What to plant now, or soon

What to  start indoors now? (This is for zone 6)

Well, you need to know your last frost date (check with your Ag extension service), and know that it’s an average so add a week or two, then count backward to how long you should start a vegetable before setting it out. (This information is in Johnny’s, and should be in every seed catalog.)  So here’s the list:

Celery. It should grow for 8-10 weeks before transplanting out, then only after the soil has warmed somewhat. Nights below 55 F. can cause it to bolt.

Tomatoes:  Tomatoes don’t like to spend more than 2 months in a pot, without potting them up into larger pots (a pain), but no matter how soon you get them out, and how you protect them, they’re going to fruit when they’re ready to fruit in warm weather. I learned that from an Italian old-timer years ago, and it’s true.

 Peppers:  Again, sow 8 weeks before setting out. Keep the soil as warm as possible to encourage germination (80-90F –which means, I don’t know, on top of the furnace or fridge). Then let them be cool at night (in the 50s) for a few weeks, then back to warm (70F day and night.) Good luck on all this, but it does hurry a crop along.

Eggplant:  Again, 8 weeks before setting out. (Sounds like a theme..). Again, keep the potting soil as warm as possible to aid germination.

Onions and leeks: Start them now, although I prefer to buy them as plants. More expensive, but you get a much earlier crop. The ones grown from seed can be harvested for a fall crop, or even allowed to winter over.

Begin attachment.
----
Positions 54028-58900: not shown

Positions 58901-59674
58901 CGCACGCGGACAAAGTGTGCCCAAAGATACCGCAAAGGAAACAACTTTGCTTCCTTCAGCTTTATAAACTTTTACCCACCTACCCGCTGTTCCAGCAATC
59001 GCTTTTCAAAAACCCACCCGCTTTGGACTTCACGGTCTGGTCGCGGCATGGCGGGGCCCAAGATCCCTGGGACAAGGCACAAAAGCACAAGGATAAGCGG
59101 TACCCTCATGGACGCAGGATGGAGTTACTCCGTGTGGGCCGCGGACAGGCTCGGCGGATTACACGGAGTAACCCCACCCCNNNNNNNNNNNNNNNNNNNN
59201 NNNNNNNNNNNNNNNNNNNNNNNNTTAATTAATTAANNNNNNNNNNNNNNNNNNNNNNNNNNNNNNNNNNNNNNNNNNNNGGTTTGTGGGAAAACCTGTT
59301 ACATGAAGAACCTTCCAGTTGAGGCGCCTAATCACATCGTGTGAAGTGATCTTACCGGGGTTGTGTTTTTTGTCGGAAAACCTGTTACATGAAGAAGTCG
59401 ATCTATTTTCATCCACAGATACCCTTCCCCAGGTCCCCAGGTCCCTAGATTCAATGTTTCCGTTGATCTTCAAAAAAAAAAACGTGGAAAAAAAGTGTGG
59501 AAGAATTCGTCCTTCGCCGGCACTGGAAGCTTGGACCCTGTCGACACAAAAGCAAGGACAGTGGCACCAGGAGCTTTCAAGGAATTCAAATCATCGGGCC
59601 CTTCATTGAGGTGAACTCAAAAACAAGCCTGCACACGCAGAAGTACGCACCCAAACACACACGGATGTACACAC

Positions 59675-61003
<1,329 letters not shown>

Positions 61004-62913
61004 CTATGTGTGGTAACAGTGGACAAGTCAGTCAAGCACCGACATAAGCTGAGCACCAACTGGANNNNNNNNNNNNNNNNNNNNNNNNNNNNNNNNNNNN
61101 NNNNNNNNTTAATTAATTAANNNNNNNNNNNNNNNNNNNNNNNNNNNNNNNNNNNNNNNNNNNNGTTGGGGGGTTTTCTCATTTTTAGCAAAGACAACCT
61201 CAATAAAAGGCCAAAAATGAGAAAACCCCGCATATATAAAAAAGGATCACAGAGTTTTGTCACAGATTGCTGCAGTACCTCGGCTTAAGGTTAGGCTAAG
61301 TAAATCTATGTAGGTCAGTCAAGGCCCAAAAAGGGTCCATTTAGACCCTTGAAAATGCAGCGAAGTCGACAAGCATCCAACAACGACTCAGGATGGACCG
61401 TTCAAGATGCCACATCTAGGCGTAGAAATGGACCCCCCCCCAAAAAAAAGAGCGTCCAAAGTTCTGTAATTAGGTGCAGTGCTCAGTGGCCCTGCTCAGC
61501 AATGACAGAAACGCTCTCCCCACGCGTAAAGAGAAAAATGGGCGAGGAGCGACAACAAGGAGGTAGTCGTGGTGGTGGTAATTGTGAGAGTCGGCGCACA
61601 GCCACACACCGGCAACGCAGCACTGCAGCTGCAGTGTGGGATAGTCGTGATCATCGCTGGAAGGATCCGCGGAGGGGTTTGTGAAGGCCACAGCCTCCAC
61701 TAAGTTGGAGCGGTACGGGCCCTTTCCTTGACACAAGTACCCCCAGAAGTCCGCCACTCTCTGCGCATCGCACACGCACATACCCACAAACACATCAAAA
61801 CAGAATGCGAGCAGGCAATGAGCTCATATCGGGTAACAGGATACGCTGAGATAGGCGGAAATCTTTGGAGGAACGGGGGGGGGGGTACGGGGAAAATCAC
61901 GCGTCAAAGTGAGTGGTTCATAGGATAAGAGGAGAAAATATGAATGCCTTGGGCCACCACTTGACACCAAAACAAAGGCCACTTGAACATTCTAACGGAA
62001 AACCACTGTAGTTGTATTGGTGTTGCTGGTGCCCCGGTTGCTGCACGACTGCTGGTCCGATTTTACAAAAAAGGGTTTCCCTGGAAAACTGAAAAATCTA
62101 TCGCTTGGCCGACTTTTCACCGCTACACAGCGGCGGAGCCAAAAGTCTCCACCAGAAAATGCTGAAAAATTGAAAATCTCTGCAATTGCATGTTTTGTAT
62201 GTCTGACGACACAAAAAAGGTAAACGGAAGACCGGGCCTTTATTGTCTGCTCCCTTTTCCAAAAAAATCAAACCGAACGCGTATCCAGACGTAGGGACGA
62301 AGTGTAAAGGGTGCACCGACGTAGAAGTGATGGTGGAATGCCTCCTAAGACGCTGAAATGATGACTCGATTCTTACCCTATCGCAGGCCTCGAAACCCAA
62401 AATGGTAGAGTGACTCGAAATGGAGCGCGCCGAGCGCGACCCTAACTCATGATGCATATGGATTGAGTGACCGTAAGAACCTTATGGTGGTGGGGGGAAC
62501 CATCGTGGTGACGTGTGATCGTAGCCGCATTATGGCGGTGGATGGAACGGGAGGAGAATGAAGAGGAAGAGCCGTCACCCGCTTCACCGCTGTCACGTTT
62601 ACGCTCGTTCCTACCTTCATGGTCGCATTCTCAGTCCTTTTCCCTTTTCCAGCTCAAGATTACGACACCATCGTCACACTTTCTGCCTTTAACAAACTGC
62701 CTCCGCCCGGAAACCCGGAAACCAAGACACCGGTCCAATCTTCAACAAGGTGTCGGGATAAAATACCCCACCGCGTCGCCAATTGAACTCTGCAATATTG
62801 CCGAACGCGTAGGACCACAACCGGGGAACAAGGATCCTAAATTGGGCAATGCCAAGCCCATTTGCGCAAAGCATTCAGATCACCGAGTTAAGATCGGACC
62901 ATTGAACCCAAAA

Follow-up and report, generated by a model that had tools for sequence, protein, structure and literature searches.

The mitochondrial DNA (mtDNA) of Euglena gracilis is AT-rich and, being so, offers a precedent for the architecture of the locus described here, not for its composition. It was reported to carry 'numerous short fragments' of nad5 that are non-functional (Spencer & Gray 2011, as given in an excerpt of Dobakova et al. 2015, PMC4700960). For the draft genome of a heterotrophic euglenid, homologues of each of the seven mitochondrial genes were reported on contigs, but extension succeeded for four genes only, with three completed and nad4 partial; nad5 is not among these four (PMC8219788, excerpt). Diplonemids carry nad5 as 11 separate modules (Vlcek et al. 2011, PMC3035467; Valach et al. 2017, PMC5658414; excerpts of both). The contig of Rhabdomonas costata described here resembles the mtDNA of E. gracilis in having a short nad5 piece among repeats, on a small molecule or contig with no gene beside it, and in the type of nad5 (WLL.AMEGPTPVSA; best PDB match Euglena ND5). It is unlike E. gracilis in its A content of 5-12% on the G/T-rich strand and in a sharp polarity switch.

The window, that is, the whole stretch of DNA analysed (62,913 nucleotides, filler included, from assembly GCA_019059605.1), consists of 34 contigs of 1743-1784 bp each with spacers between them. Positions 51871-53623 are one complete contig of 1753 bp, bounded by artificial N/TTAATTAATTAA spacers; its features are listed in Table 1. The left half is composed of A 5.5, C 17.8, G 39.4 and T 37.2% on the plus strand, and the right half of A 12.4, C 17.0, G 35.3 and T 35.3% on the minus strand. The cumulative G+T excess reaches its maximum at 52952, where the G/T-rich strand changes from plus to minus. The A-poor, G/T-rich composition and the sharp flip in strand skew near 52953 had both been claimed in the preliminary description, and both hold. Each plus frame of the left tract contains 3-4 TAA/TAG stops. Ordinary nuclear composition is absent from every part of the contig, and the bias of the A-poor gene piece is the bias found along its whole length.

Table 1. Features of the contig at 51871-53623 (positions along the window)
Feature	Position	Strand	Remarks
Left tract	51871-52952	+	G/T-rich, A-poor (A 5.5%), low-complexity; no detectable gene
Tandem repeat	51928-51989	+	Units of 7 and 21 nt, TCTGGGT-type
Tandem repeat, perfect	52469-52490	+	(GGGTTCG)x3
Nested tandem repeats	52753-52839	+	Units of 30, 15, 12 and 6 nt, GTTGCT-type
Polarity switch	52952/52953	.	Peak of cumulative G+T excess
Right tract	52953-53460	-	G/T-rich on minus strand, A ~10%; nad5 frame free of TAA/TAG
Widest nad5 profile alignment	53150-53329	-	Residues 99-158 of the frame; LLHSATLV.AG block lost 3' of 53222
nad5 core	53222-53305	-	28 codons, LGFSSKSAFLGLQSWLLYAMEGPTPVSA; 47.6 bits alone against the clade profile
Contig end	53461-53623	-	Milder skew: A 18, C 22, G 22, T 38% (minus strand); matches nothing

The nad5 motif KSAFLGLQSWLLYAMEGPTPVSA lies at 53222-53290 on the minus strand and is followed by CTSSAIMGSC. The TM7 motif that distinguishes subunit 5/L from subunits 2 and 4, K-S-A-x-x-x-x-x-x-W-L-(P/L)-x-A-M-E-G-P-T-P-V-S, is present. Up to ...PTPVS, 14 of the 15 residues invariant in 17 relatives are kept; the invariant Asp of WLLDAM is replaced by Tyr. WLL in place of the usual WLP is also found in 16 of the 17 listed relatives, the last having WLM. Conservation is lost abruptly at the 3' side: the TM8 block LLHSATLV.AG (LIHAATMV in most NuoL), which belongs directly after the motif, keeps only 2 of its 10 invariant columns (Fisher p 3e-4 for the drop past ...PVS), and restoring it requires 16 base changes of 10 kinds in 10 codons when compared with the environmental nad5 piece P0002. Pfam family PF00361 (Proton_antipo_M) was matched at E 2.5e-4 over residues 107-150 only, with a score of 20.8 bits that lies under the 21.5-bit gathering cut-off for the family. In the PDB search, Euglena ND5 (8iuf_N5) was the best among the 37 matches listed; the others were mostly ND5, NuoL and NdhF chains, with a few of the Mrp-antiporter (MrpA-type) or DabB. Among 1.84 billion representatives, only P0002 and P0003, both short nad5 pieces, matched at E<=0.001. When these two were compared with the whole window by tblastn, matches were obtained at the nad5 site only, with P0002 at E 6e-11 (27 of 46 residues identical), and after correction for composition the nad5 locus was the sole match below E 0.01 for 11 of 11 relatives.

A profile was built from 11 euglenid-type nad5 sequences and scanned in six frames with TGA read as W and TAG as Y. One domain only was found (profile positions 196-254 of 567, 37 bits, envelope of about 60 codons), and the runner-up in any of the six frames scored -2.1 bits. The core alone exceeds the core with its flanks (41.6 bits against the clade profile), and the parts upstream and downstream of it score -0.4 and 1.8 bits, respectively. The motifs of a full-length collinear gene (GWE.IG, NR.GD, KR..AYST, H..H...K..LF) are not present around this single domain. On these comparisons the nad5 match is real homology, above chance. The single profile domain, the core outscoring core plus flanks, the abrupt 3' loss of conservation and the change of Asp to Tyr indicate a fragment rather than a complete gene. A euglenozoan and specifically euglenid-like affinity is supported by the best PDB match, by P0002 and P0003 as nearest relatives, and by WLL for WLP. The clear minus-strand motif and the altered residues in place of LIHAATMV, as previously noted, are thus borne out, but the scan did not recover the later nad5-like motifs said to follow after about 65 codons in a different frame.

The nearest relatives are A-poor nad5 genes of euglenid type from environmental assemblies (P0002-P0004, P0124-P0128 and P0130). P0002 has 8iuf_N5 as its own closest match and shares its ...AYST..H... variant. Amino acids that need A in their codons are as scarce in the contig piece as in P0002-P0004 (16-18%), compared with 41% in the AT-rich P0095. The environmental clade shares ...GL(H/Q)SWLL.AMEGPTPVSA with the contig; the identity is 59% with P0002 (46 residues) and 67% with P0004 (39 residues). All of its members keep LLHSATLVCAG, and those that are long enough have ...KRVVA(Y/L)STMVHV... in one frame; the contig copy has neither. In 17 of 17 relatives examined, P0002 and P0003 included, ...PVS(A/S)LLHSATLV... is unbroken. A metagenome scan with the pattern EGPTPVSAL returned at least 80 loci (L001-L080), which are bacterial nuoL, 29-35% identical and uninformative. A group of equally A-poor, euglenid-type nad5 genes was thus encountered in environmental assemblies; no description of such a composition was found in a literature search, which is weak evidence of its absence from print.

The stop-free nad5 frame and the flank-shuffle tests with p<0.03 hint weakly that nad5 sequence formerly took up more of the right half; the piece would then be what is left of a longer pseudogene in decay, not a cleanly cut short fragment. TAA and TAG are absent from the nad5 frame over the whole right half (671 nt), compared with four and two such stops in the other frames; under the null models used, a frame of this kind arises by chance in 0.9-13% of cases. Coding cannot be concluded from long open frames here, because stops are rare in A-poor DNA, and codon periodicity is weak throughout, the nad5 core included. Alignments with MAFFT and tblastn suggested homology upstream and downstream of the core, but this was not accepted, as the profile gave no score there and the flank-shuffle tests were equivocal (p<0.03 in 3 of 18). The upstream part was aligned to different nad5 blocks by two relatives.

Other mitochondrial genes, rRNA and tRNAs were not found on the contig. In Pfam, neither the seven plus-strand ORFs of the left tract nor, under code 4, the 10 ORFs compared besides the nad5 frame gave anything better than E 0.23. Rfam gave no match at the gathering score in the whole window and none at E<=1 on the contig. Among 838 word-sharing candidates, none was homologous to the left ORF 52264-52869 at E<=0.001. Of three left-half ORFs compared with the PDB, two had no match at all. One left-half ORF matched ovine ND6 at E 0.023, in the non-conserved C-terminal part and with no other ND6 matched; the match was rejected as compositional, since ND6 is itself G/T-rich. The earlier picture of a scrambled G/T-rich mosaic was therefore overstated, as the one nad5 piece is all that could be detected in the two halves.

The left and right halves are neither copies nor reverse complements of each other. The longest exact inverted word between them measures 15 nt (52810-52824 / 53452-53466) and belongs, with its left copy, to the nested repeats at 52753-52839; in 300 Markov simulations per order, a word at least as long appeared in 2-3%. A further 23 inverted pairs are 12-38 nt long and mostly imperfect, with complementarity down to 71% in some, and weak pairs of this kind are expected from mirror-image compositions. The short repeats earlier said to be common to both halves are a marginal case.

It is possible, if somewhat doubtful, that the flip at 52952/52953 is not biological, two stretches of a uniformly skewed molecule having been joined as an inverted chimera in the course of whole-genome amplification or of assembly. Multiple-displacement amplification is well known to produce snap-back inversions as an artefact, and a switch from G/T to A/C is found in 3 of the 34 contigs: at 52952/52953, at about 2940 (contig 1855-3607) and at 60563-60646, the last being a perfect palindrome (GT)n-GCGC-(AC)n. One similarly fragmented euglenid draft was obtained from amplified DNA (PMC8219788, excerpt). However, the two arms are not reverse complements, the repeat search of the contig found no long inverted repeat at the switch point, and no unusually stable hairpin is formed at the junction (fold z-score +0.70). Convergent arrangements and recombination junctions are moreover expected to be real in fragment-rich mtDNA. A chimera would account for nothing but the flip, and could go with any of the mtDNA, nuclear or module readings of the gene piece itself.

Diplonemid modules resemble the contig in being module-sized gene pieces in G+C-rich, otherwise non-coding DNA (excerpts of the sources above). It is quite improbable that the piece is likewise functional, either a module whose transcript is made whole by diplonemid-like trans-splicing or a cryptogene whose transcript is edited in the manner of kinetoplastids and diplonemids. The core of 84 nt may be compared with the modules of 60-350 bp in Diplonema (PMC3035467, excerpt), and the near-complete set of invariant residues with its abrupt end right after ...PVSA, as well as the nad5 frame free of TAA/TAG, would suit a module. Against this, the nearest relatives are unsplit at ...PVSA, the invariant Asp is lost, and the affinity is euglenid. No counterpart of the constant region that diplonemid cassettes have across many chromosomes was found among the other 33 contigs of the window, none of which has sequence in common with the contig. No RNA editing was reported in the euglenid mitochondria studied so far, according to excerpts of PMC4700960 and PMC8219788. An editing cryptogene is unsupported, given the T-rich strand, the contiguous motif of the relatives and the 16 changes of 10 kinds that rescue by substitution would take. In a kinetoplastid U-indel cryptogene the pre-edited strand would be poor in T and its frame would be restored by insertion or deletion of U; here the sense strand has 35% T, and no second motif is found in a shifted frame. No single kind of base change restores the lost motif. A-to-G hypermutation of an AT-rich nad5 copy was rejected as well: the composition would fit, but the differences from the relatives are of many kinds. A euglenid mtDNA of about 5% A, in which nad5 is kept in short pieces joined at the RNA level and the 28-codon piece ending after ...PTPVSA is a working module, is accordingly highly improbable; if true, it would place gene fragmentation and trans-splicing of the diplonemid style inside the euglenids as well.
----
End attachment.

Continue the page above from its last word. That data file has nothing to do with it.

Okra: My brother in Maine once declared that he’d successfully grown okra, traditionally a Southern crop. I said, “But why did you do that?” BUT, you can start okra 4-5 weks before last frost, and transplant when the soil has warmed. With any luck you’ll have crop failure and not have to eat the stuff  (except perhaps in some classic Southern recipes).

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About lifegrower

Peter V. Fossel has been gardening since he was nine, and has been an organic farmer for the last 20 years. His most recent book, “Organic Farming, Everything You Need to know” was published by Voyageur Press, Minneapolis, 2007. He’s written numerous gardening articles for Organic Gardening, Horticulture, Country Journal, Out Here, and American Profile among others. He was Gardens Manager for The Hermitage, home of President Andrew Jackson in Tennessee before returning to Cape Cod to start his newest organic venture, Swan River Farm in Dennisport, MA.
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